On the Cutting Edge: West Medical Academy

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On the Cutting Edge: West Medical Academy

2017 Medical Academy Graduates

2017 Medical Academy Graduates

2017 Medical Academy Graduates

2017 Medical Academy Graduates

Esat Saiti, Reporter

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  West Anchorage High School was founded in 1953, making it the oldest high school in the Anchorage School District. Despite it’s physical age, West stays on the cutting edge by offering many Career and Technical Education (CTE) courses, such as the Medical Academy.

Although technically a club, the Academy is a part of the ASD Healthcare Academy and focuses on preparing students for careers in a healthcare field. They do this by practicing with hands-on activities and teaching an engaging curriculum. Examples of the learning environment for the students include being around other healthcare students, professionals, and sometimes patients, for obtaining the knowledge and learning to apply it in the real world. The courses are taught in the CTE wing, with state-of-the-art tools and technology. Utilizing modern equipment helps students stay current with professional standards.

Katrina Quinn has been teaching in the Academy at West for two years. Quinn teaches two Academy courses: Health Occupations and Essentials of Athletic Injuries.  When asked to define what the Academy is, she says, “the Medical Academy is a club where we meet every second Thursday of every month and we have different professionals come in who are within the medical field, and they talk about it, and it’s just exposure for kids.” Quinn says the Academy is pretty popular and also mentions the statistics. “On average there are 60 to 70 students that join but only 20 graduate from the Academy,” she says.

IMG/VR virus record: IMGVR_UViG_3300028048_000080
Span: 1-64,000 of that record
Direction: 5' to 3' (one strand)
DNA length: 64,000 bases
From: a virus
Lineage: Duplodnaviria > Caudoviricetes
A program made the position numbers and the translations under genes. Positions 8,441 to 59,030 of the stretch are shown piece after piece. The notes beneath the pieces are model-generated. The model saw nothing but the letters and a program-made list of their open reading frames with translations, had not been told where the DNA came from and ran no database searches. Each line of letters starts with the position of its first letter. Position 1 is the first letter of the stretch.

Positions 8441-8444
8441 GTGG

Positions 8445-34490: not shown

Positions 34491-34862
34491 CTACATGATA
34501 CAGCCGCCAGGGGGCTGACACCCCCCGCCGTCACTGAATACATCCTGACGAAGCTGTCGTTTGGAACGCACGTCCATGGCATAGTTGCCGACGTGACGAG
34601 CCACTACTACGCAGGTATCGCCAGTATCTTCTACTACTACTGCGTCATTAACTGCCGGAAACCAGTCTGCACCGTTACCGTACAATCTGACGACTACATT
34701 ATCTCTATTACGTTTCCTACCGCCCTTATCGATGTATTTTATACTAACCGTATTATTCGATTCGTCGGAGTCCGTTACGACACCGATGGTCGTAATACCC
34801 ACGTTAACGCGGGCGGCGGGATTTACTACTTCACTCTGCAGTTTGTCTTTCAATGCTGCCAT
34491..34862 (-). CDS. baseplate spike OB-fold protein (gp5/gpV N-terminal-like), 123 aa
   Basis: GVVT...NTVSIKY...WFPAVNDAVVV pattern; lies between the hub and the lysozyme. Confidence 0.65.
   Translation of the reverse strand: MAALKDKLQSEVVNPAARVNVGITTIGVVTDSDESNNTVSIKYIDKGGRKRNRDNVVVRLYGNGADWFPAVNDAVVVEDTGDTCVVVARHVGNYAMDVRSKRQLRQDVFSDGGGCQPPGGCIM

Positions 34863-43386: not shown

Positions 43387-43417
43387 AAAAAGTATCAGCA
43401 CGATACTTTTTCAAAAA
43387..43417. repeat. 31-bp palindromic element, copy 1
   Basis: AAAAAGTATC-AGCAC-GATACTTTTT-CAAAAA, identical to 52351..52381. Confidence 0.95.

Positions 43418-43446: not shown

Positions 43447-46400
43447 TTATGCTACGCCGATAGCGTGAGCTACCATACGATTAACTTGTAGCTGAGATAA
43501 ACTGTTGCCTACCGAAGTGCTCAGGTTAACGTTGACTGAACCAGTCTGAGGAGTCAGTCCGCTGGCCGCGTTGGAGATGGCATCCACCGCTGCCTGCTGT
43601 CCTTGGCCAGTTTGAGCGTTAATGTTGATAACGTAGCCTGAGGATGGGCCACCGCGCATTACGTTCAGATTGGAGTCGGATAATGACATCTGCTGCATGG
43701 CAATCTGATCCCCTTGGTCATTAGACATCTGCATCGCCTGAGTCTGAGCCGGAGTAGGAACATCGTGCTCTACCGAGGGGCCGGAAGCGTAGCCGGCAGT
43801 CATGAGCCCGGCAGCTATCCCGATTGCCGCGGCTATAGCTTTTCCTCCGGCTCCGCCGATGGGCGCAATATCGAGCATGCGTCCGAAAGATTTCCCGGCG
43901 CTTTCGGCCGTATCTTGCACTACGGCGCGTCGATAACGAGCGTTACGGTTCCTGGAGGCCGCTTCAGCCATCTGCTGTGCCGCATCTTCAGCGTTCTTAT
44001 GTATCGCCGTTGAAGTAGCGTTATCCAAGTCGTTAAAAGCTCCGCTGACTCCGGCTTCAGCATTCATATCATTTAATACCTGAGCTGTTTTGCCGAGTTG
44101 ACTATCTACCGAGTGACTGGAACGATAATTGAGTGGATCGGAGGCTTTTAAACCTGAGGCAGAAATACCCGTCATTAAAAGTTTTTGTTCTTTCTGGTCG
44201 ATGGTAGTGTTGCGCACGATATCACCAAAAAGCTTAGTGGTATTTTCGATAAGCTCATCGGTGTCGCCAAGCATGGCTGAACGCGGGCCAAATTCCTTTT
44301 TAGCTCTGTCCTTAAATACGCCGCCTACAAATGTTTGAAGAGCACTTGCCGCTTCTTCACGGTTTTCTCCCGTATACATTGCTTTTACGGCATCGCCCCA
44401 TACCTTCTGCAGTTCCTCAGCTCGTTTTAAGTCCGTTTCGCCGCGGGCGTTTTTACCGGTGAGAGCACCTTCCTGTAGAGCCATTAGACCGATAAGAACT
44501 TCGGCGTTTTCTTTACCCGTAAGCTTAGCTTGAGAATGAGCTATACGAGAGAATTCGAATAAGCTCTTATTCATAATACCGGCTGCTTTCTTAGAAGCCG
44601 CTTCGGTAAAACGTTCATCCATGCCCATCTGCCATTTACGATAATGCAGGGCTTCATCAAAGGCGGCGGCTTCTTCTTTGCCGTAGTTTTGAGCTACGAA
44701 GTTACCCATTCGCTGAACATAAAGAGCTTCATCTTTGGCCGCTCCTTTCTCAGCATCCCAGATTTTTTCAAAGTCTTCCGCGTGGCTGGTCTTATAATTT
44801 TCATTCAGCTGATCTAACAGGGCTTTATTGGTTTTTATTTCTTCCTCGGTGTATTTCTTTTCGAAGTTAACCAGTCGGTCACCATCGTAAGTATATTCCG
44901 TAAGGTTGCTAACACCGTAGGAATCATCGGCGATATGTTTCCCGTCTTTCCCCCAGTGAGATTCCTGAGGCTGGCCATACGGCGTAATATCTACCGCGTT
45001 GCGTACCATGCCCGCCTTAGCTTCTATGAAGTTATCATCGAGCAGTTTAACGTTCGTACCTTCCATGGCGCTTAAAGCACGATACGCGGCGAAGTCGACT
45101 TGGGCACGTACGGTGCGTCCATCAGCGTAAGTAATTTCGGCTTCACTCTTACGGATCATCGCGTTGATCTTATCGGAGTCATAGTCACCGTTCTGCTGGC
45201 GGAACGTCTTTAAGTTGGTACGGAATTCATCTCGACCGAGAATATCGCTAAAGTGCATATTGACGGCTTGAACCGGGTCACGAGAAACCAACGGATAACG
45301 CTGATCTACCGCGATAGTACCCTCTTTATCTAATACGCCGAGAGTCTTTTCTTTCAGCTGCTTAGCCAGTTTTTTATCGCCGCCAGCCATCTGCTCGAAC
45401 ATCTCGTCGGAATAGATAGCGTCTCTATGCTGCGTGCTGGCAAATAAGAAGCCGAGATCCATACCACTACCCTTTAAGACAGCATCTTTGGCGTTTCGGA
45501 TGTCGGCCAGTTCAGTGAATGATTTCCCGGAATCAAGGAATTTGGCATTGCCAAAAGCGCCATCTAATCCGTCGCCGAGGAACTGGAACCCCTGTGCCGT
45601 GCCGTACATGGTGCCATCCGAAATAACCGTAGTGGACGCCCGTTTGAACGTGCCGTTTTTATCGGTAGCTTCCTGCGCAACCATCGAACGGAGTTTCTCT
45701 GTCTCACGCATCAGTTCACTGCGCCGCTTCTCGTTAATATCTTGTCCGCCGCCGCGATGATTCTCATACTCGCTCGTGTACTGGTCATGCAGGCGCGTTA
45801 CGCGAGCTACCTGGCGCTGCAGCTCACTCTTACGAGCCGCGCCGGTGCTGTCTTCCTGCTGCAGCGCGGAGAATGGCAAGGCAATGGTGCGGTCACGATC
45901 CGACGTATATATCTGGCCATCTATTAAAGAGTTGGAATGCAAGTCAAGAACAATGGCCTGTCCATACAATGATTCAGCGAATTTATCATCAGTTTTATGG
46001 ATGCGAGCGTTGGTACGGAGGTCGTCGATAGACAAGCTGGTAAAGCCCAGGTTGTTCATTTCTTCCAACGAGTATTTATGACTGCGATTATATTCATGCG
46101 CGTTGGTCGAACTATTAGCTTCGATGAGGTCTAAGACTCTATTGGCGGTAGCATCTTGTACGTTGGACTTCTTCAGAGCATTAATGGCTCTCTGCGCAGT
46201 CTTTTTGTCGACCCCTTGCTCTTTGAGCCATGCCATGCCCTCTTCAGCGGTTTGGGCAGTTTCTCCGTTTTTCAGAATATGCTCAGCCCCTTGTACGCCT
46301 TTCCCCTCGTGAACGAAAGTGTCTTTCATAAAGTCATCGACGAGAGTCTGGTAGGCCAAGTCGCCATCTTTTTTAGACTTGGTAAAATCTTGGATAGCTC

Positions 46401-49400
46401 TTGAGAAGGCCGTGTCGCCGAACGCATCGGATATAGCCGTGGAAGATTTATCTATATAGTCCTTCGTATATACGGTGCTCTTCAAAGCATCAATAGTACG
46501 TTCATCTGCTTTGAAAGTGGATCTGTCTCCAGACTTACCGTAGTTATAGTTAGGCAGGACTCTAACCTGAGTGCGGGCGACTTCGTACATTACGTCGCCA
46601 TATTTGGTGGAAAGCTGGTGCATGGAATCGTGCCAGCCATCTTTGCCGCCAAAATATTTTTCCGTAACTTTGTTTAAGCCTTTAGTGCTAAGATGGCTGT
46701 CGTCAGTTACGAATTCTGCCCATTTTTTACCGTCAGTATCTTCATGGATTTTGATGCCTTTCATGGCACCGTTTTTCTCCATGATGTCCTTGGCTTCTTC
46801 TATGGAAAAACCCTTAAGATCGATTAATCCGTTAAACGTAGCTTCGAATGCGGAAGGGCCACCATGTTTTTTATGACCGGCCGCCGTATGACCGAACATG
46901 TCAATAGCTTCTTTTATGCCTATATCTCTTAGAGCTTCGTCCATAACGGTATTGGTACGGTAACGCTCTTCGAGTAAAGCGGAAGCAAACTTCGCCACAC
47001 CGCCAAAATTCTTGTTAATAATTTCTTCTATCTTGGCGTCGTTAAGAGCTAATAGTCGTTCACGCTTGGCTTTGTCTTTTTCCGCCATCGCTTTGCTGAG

Quincy Lynch, a senior in the Medical Academy, says she loves it because the teachers and students are helpful and friendly. When asked who their favorite teachers in the academy are, Lynch said Evelyne Tunley, because “she tells funny stories and she has a great personality.”

John Maqui, a senior currently in the Medical Academy, says the academy is easy for him because subject matter is of interest to him. Maqui says he’s learned how to manage time and how to communicate with others from his medical classes. Some life skills that he picked up were CPR and oxygen treatments.

Maqui thinks the Medical Academy will help him get further  by making his college resume look more appealing to colleges and potentially medical schools. He recommends the Medical Academy for all students that are thinking about the medical profession because it prepares students very well for the future in the field.  Maqui praises Davis and Tunley for their effective teaching abilities. “They both teach very well and are great at engaging with their students,” he said.

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